Tuesday, 28 June 2022
Department of Foreign Affairs and Trade
386. To ask the Minister for Foreign Affairs and Trade if a French military exercise is taking place off the south-west coast of Ireland during the end of June and early July 2022; if notification of the exercise was provided to his Department; and if there are concerns about the impact on marine biodiversity as a result of the exercise. [33781/22]
496. To ask the Minister for Foreign Affairs and Trade if he will introduce a ten-year moratorium on military exercises by foreign armed forces in the Irish exclusive economic zone, EEZ, following the intended actions of the Russian and French navies in the Irish EEZ in 2022; and if he will engage with the Irish fishing organisations, an organisation (details supplied) and other concerned parties in this regard. [34276/22]
I propose to take Questions Nos. 386 and 496 together.
As a close EU partner, the Government has remained in contact with the French authorities throughout the period of the recent French military exercise. The exercise in question was due to take place from 21 to 24 June and on 27 June in an area of the Atlantic Ocean, off the French coast. The exercise area was relatively large, spanning approximately 250 nautical miles north to south and approximately 210 nautical miles east to west.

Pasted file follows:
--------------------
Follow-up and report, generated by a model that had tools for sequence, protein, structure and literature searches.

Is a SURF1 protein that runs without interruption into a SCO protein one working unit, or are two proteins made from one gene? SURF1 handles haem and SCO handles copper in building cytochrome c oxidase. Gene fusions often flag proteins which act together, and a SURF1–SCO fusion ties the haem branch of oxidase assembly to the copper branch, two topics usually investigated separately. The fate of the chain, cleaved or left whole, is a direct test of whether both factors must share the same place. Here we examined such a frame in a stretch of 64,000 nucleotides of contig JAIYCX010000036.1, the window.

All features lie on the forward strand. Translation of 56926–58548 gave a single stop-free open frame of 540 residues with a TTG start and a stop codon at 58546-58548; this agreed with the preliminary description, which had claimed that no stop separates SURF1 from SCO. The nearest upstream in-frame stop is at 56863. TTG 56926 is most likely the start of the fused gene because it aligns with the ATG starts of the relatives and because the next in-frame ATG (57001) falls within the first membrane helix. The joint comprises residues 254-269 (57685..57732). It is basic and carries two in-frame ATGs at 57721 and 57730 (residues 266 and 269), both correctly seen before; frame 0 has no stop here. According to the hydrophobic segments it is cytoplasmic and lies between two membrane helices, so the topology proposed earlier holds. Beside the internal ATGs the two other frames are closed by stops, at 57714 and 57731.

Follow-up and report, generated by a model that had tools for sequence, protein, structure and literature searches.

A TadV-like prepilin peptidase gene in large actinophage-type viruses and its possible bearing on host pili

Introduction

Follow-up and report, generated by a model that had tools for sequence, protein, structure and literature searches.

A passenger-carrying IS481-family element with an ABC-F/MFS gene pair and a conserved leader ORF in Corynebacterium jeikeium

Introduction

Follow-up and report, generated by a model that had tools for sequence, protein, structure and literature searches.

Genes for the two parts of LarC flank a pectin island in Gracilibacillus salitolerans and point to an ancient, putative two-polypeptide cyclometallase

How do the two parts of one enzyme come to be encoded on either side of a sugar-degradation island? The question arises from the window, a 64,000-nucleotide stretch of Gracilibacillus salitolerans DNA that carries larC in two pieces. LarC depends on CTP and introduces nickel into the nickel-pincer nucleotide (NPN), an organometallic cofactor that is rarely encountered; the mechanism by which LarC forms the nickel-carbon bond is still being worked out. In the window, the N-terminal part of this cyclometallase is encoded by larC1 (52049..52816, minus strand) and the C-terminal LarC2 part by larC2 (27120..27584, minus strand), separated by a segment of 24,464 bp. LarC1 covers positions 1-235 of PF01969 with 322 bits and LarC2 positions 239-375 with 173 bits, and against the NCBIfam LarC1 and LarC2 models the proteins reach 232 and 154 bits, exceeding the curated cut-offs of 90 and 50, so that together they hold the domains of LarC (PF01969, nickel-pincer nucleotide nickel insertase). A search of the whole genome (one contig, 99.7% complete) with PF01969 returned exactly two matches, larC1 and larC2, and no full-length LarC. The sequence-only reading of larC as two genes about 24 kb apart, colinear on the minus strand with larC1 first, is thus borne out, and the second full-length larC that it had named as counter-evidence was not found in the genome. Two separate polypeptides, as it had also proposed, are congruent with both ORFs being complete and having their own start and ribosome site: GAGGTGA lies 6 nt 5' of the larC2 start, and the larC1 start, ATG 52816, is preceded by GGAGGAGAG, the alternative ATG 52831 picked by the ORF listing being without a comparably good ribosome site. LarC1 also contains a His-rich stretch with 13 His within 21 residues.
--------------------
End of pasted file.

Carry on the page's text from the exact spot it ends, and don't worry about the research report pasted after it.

The full extent of the area that could potentially have been affected included a small piece of the southern extremity of Ireland’s Exclusive Economic Zone (EEZ), approximately 200km southwest of our territorial waters. The French authorities confirmed to the Government that no French naval vessels would be within the Irish EEZ during the exercise.
The Irish Aviation Authority (IAA) was informed of the exercises via standard procedures and the Department of Transport issued a Marine Notice to this effect.
While not common, such exercises do on occasion occur in international waters, including in a country’s Exclusive Economic Zone (EEZ).
Under international law, all States are entitled to freedom of navigation in another state’s EEZ, having “due regard to the rights and duties of the coastal state.” States are not legally obliged, in most cases, either to inform the coastal authorities of any proposed naval exercises, nor to seek permission.
It is not for my Department to lead on matters relating to marine biodiversity. However, I do recognise the negative impact that some naval exercises, including those that involve active military sonar, could potentially have on marine wildlife. This is an important factor in the consideration of such exercises. I remain open to engaging with fisheries and other groups in this regard.